Hasiet Joy Negash spent her final days on earth living out a dream. Alongside a team from Biola’s Student Missionary Union, Negash traveled to India during the first two weeks of 2015 to share the good news of Jesus Christ. She played and fished with orphaned children. She washed the feet of untouchables. She gave a gospel message in a town where the mayor, a member of parliament and hundreds of teachers were present.

Then, on Jan. 15, the vibrant 19-year-old Biola student collapsed after complaining of asthma-related breathing difficulties. She was taken to a local hospital, where doctors were unable to revive her.

“The only thing my sister ever cared about was doing God’s will,” her brother, Hosana, said at a campus memorial service on Feb. 5. “She always wanted to spread the gospel in a foreign country, and when the opportunity arose, there was no changing her mind. The trip to India was all she ever talked about from the day she learned about the trip to the day she left.”

Negash’s death — the first ever to occur on a Biola mission trip — brought an outpouring of emotion on the university’s campus, where she was a familiar and friendly face.

A communication studies major from the Seattle area, Negash had been heavily invested in the Biola community since arriving in August of 2013. She gave campus tours and welcomed prospective students as an admissions ambassador. She helped incoming students transition into college life as a Student Orientation Services leader. And she bonded with and encouraged other students of diverse backgrounds through her involvement in Multi-Ethnic Programs and Development (MEPD).
 “Joy was one who crossed cultures daily here at Biola, embracing a wide variety of people, building bridges wherever she went,” said Glen Kinoshita, director of MEPD, who remembered Negash’s love for sharing her Ethiopian heritage with others. “May we follow her example, to love across cultures, to live fearlessly and to build God’s kingdom while here on earth.”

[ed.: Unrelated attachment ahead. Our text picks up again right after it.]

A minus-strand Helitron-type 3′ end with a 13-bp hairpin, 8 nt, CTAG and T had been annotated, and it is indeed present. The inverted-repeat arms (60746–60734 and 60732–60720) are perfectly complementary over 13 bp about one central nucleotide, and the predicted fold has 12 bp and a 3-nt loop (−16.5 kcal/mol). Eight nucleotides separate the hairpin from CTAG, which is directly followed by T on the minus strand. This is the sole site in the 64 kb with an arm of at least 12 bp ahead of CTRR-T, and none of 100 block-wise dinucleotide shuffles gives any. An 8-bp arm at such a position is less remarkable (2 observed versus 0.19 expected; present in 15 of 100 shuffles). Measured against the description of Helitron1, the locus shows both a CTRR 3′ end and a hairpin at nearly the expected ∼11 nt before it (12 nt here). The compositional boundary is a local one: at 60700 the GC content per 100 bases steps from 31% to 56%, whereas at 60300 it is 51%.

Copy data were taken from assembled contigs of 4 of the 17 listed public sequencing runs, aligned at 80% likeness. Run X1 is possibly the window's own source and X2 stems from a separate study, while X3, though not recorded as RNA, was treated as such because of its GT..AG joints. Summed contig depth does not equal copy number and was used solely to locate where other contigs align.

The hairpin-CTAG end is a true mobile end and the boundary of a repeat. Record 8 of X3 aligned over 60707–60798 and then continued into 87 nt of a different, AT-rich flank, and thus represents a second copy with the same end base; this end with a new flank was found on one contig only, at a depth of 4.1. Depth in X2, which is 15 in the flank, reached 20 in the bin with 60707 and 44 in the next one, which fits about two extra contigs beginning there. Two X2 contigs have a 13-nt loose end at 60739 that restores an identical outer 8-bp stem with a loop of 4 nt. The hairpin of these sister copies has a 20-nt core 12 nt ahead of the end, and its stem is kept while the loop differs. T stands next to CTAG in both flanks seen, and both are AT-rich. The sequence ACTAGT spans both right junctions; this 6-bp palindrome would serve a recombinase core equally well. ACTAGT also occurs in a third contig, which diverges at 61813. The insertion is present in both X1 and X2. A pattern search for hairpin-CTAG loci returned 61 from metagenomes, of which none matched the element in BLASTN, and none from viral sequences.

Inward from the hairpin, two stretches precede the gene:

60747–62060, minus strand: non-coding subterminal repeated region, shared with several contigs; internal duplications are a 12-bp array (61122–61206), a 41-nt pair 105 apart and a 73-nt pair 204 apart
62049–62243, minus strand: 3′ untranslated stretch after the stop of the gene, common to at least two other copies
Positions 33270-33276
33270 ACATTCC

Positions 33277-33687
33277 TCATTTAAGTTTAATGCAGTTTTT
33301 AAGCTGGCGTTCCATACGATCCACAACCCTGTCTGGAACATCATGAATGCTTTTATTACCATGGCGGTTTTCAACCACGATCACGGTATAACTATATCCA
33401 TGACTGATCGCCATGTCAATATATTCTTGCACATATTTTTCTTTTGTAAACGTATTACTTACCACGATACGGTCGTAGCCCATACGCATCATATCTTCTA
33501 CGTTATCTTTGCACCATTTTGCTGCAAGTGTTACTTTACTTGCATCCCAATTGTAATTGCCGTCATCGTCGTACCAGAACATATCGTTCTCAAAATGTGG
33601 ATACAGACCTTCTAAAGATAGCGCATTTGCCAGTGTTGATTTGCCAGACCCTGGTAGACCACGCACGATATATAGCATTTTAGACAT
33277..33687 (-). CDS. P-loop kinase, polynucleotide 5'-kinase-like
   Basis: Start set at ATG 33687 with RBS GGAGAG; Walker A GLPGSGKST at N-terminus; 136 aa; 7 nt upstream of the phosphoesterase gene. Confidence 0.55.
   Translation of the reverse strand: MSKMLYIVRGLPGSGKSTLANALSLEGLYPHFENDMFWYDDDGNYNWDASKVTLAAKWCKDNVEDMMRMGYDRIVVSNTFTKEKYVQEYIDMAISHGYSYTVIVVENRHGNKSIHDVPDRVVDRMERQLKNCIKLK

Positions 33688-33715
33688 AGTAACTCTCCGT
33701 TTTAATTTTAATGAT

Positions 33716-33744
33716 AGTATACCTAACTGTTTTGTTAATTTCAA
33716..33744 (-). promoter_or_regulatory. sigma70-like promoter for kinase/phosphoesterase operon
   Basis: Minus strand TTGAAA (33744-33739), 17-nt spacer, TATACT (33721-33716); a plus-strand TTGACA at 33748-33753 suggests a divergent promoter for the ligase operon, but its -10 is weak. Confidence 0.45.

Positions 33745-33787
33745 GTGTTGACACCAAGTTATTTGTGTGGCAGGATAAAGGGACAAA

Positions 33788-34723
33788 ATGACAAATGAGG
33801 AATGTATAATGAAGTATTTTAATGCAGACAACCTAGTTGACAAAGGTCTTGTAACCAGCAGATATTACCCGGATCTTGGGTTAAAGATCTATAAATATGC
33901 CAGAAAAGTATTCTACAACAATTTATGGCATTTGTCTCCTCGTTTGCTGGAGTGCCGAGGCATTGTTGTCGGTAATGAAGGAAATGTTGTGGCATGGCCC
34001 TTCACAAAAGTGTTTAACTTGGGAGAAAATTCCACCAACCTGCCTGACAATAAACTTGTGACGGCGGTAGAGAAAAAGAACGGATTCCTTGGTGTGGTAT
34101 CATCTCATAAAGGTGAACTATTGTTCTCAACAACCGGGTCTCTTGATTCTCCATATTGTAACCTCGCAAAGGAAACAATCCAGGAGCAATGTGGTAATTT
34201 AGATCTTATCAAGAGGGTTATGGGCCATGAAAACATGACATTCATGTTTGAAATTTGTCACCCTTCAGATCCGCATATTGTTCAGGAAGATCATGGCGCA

Negash was someone whose faith, boldness and love were evident to all, family and friends said. She wore a wide smile and made friends wherever she went.

“Anyone who spent time with her knew that it would take at least 20 minutes to get anywhere on campus simply because of all the friends that she needed to stop and talk to and give hugs to,” said sophomore Hudson Tam. “She was so loved by the Biola community.”

Fellow members of the Student Missionary Union’s “Team India” said Negash embodied the team’s mission to “spread a passion for Christ through calloused knees and calloused hands.” During one of her final days, she got up in front of an auditorium filled with hundreds of people from the lowest caste, opened her red Biola Bible, and spoke of Jesus’ love for the woman at the well, said team leader Brady Lee. She told them of how the savior of the world cared for and spent time with the lowly and the outcasts.

“At the time our team didn’t know this, but in the hundreds of people out there, there were five unreached people groups — there were people who had never heard the name of Jesus, and Joy was the very first person to introduce them to Jesus,” Lee said.

At the campus memorial service, friends urged Biolans to follow Negash’s example by not allowing fear to hold them back from following God’s will. President Barry H. Corey encouraged the community to respond in prayer.

“Pray that the Spirit of God would help us see the way forward, renew hearts, and that the seeds of Joy’s life would bear fruit immeasurably more than all we ask or imagine,” Corey said. “Pray that many from the Biola community will step into her shoes and walk the next leg of the journey, carrying on the high calling of Christ she lived so fearlessly.”

In honor of Joy’s life and legacy at Biola, the university has established a scholarship in her name. To offer support, visit giving.biola.edu, select “other” under designation and type “Hasiet Joy Negash Scholarship.”